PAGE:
Hinduism & The Sacred Texts

The Vedas, Core Beliefs, & Reincarnation

Hinduism & The Sacred Texts

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Hinduism is the indigenous religion of Southeast Asia and primarily India. Hinduism is an ancient religion that has no single founder, teacher, or prophet. The religion is also comprised of many different sects. The different sects of Hinduism vary in their interpretations but they all incorporate the sacred texts.

The sacred texts of Hindu are known as the Vedas. The Vedas are ancient writings that contain hymns, incantations, and rituals. These writings are considered some of the oldest religious texts in existence. Upanishads, which are a segment of Vedic philosophy and the Bhagavad Gita, which is also part of the Vedas date between 400 and 300 B.C (Sacred-texts, 2010). Hinduism is one of the oldest religions still practiced today (Duiker and Spielvogel).

One of the defining characteristics of Hinduism is that it holds a large number of beliefs and practices that are not rigid and dogmatic. According to Duiker and Spielvogel (2013), Hinduism does not require that follower adhere strictly to any one idea. Hinduism incorporates many outside religious and cultural practices while maintaining its core beliefs. This can be seen in the fact that Hindus share many concepts such as karma with other religions such as Buddhism. The primary core beliefs and practices of Hinduism include:

Idol worship — a picture, statue or carved image,
Casteism — classes into which Hindu society is divided,
Reincarnation — Samsara- the cycle of rebirth or reincarnation.,
Karma- the belief that one’s actions accumulate over one’s life and at death this accumulation of actions determines one’s placement in the next rebirth, either higher or lower in status.
Dharma- virtue, specifically this concept refers to one’s duties within a particular caste. It is virtuous to perform one’s duties in a willing and correct manner.
Moksha — the spiritual goal of release from reincarnation. Moksha- the end of the cycle of rebirth or liberation from it. This is the ultimate goal and result for understanding Brahman (Flesher, 1998).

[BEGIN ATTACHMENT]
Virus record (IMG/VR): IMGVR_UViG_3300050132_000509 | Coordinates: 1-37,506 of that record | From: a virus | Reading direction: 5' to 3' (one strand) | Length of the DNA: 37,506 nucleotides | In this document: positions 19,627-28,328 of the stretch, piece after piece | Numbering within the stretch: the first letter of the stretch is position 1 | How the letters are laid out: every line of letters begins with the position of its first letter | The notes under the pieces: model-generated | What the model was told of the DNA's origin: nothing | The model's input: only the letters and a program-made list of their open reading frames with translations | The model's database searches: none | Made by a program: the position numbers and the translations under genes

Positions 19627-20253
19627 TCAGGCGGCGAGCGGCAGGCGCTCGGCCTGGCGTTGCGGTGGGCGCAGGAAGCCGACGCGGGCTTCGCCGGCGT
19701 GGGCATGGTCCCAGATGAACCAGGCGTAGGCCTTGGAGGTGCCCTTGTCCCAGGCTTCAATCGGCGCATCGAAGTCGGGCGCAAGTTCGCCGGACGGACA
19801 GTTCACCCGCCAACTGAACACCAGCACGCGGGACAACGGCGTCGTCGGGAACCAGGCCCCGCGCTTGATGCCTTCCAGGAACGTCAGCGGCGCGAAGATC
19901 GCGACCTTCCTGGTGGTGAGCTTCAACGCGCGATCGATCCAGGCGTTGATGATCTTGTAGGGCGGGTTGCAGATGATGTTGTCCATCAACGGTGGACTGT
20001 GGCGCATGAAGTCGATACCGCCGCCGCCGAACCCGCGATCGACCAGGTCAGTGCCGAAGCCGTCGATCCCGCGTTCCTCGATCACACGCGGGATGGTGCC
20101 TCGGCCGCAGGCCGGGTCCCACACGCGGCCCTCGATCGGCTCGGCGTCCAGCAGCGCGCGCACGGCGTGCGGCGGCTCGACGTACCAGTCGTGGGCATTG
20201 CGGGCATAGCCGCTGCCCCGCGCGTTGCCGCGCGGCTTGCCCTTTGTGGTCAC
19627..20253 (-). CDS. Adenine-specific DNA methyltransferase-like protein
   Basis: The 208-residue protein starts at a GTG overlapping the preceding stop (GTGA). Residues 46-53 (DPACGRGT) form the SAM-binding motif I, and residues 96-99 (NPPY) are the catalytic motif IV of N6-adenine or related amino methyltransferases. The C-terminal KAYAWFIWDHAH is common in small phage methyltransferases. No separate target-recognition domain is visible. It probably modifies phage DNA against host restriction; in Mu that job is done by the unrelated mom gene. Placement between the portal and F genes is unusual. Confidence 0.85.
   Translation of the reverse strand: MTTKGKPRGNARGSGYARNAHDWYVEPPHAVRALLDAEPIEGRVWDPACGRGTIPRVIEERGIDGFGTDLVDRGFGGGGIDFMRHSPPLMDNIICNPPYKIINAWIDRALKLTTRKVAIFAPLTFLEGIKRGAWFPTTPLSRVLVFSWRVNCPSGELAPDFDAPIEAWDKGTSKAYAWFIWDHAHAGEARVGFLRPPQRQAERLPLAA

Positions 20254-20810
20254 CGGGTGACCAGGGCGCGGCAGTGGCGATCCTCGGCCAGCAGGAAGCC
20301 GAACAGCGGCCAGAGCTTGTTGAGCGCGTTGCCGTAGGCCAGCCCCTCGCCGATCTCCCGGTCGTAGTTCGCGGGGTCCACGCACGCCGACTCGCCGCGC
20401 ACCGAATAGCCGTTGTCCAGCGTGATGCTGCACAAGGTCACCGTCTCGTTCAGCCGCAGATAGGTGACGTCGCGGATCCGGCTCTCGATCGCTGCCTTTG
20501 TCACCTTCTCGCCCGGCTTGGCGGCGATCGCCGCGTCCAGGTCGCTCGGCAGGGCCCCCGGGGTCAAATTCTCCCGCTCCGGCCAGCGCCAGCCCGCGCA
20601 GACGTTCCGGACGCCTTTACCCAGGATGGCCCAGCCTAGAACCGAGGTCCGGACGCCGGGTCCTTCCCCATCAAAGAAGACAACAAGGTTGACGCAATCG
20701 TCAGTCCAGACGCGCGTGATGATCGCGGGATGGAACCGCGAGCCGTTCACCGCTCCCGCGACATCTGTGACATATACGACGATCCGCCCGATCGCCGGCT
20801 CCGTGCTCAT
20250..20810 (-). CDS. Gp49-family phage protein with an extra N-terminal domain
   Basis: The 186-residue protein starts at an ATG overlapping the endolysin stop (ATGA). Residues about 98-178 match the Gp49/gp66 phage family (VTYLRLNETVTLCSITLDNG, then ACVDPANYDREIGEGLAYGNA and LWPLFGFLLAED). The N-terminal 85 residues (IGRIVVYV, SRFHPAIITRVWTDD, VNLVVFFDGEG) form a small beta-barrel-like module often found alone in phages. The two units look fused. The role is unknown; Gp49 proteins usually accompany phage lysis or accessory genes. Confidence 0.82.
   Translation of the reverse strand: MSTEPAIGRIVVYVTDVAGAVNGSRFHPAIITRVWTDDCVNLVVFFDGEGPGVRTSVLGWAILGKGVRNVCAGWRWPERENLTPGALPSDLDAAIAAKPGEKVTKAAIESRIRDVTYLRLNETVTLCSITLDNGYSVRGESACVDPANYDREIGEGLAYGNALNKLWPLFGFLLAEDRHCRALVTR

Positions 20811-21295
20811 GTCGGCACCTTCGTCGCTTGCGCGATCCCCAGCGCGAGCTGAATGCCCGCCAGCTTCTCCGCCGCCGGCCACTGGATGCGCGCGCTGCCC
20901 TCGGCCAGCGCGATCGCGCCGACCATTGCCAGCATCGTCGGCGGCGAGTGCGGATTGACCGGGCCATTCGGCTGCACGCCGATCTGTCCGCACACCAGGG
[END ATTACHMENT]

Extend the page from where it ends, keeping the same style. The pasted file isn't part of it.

Because Hinduism is a cultural practice as well as a religion, it is comprised of many myths, gods, and philosophic ideas. Similar to Buddhism, Hinduism is a religion which is based on the idea of karma and reincarnation. The Hindu perspective on karma and rebirth is entrenched in a belief that humans are trapped in a cycle of rebirth. Each rebirth of a person places him or her in a specific place in the caste system depending upon their actions in their prior life.

The cycle of rebirth continues until a Hindu realizes the Brahman or ultimate reality. This is also referred to as achieving enlightenment. For the Hindu, the liberation from the earthly existence is to become one with the Brahman (Flesher, 1998). This belief varies in its interpretations. But because Hindus believe that as long as one is trying to achieve enlightenment (in one form or another), than whatever path (religion) is used, should be respected. This belief allows for allows for many diverse beliefs and flexibility with religions. For instance, Krista Bhakta is a person who is Hindu and Christian. These people have adopted Christian belief while maintaining Hindu tradition (Duiker and Spielvogel).

Hinduism is a socio-religious belief system that incorporates traditions and cultural norms and mores. For example, Hinduism values the concepts of purity of spirit and mind which is believed to create good karma. The idea of purity manifests in Hindu culture in a multitude of ways such as:

· never using harsh, angered or indecent language
· keeping a clean and healthy physical body
· never drinking after someone or offering a drink to someone after already drinking from the same vessel
· never touching people with the left hand or handing things to others with the left hand (Flesher).

Another cultural practice in Hinduism is achieving dharma. Not to be confused with karma, dharma is a virtue and belief in the proper path. Hindus recognize this virtue by performing their duties, responsibilities, and life properly and to the best of their ability (Flesher). For example, a writer would need to write the best possible books or a business person would need to conduct his or her business with the greatest degree of ability possible. When a person performs his or her duties in this way, he or she is fulfilling their dharma. This concept is linked with the caste to which he or she is born because it outlines the person’s place in society. By following one’s chosen path in accordance with dharma, then he or she will create good karma which will lead them to better dharma in the next life (Flesher).

It is important to understand that the traditions and culture of the Hindu life are wrapped in this idea of rebirth and karma. These concepts are entrenched in the caste system. The rebirth of a person into a better or worse class is contingent on karma and this must be adhered to daily. This is due to the belief that cause and effect of one’s actions accumulates throughout life creating a point of judgment to the next existence which determines the person’s caste. The caste system has changed tremendously since ancient times as it is not as rigid as it once was.